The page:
In the summer the city gets hot but it feels even hotter at Rikers. Despite the heat students asked if they could work on the core. This made me smile for a variety of reasons. First, it’s awesome to see students feel empowered enough to ask for something. This takes courage. Second, it was HOT and I can’t believe they were looking to get even sweatier. But who am I to argue with passion? I had planned on talking about compassion for the self but instead we discussed our inner fire. How do we light it? Honor it? How does it inspire us?
Miriam practiced with a peaceful determination. She didn’t chat during class but smiled at certain points and it seemed that she was looking inward. In side plank her leg floated in the air and in half-moon she smiled to herself as she explored her possibilities by lifting her hand. This was yoga in action. Half-moon was a way for Miriam to embrace the moment rather than getting the pose right. Miriam had touched her core and lit her inner fire.
So much happens in the boisterous conversations at Rikers but it was really Miriam’s inward reflection that moved me. Sometimes I feel guilty to witness such beauty. But because o know it’s not mine I’m able to let it go and hope that Miriam knows what a powerful spirit she is. Shout out to those who are quiet. Sometimes it’s not the loudest voice that gets heard,but the most sonorous.
“If your dreams don’t scare you, they’re not big enough” – G.O.A.T.
Dreaming big doesn’t have to be extravagant- it may scare you to dream of a day when you don’t wake up stressed. It may be scary to dream of a day when you do something that honors your true self. It may be a dream for you to speak your truth regardless of what others may think.
Let’s all dream big. Let’s sit with ourselves in stillness find out what makes us scared shitless and go after it anyway.
Patty* was new to the dorm. With another quiet morning, I thought class would be light. When I asked if anyone wanted to practice she quietly raised her hand. I could see her hanging back seeing if anyone else would join her, when no one did she came out by herself. ‘I’ve worked out before but never done yoga, I don’t know what I’m doing.’ There was a hard shell around her, one I’ve seen a lot. It‘s necessary to survive the experience. I gave her a mat, blocks and bolster and told her that I would do some poses and she could do what felt right for her. I got a nod and we were off. Again I spoke about the stress response. It’s important. These women live in a state of stress every moment of every day, sometimes even while asleep. When I talk about how yoga may help that as well as the spirit, a compassionate determination rises up. Patty’s gentle movement inspired 6 others and another 3 watched. Conversation picked up. During a lull Patty burst out and said, ‘I was really shy when I first started class. It’s like being 5 at the playground all over again. But I like this’ Carmen*, another student said, ‘I’m glad you did, it’s what made me come over.’ Another said, ‘Yeah, me too.’ Others nodded in agreement. By the time we arrived at meditation Patty had to leave for medical but she looked at me and asked my name again. She’d heard it earlier but decided she was interested in knowing it. I get that. She also gave me her real name and said she’d see me next week.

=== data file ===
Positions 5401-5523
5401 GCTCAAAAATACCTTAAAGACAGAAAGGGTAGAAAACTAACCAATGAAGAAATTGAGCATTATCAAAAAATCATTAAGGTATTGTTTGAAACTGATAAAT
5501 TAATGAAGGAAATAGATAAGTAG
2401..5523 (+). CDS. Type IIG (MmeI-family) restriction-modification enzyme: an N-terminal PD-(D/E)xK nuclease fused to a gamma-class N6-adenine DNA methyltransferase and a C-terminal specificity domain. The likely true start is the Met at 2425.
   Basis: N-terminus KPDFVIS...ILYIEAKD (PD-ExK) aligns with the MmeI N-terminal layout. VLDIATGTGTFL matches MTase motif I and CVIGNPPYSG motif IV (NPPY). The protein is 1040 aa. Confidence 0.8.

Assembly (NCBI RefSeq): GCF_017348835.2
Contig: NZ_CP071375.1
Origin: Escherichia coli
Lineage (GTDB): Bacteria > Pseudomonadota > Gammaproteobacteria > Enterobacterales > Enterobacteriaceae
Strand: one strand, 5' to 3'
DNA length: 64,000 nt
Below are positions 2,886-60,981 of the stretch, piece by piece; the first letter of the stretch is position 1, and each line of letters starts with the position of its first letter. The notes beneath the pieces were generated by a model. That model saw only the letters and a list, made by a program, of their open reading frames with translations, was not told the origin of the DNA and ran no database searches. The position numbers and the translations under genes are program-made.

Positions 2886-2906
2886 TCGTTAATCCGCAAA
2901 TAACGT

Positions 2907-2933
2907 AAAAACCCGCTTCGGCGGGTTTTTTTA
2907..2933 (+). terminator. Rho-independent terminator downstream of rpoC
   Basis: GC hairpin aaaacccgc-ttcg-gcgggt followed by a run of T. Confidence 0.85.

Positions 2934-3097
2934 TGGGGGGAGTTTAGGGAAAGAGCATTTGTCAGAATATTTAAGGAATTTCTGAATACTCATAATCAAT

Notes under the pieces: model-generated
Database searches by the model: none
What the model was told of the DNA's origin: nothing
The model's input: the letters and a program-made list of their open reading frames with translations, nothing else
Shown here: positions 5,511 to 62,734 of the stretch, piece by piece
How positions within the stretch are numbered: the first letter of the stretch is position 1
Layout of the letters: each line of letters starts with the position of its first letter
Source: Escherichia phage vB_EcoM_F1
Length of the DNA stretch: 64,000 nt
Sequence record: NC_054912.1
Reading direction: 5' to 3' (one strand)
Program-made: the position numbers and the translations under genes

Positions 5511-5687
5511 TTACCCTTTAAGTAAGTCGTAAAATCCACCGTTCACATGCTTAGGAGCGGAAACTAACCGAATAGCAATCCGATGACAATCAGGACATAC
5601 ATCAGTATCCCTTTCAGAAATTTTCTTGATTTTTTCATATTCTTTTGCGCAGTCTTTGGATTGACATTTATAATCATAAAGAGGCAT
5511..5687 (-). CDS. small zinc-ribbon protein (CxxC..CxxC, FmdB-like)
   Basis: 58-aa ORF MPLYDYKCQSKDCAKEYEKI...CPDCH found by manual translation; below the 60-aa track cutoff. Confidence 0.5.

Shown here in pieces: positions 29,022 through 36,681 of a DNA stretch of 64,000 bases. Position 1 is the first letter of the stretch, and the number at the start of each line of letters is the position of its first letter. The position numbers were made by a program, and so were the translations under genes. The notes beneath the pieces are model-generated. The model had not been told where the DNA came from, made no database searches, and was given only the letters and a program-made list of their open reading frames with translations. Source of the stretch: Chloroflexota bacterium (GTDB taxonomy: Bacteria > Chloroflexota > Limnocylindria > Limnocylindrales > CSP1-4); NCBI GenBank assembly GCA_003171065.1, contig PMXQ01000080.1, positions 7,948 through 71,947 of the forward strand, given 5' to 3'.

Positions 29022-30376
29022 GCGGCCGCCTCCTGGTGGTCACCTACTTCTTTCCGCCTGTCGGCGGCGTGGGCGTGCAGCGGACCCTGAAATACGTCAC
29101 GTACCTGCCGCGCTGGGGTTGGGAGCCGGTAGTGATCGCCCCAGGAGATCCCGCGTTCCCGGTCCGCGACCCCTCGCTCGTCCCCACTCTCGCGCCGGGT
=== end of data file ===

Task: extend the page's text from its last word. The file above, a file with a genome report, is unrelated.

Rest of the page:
She felt good.
After class there was more chatting than usual. And even though Patty had left class she was the catalyst. It only takes one. I saw her on my way out and she had her armor back on but she caught my eye and threw me a small nod. There isn’t a day that this work isn’t powerful. You hold the space. It’s not about you. You take care of yourself and your soul because this work demands it and you deserve it. But once in awhile a class can really crack your heart open and make you grateful.
This is yoga and it can quietly change the world.
May all beings be free from suffering.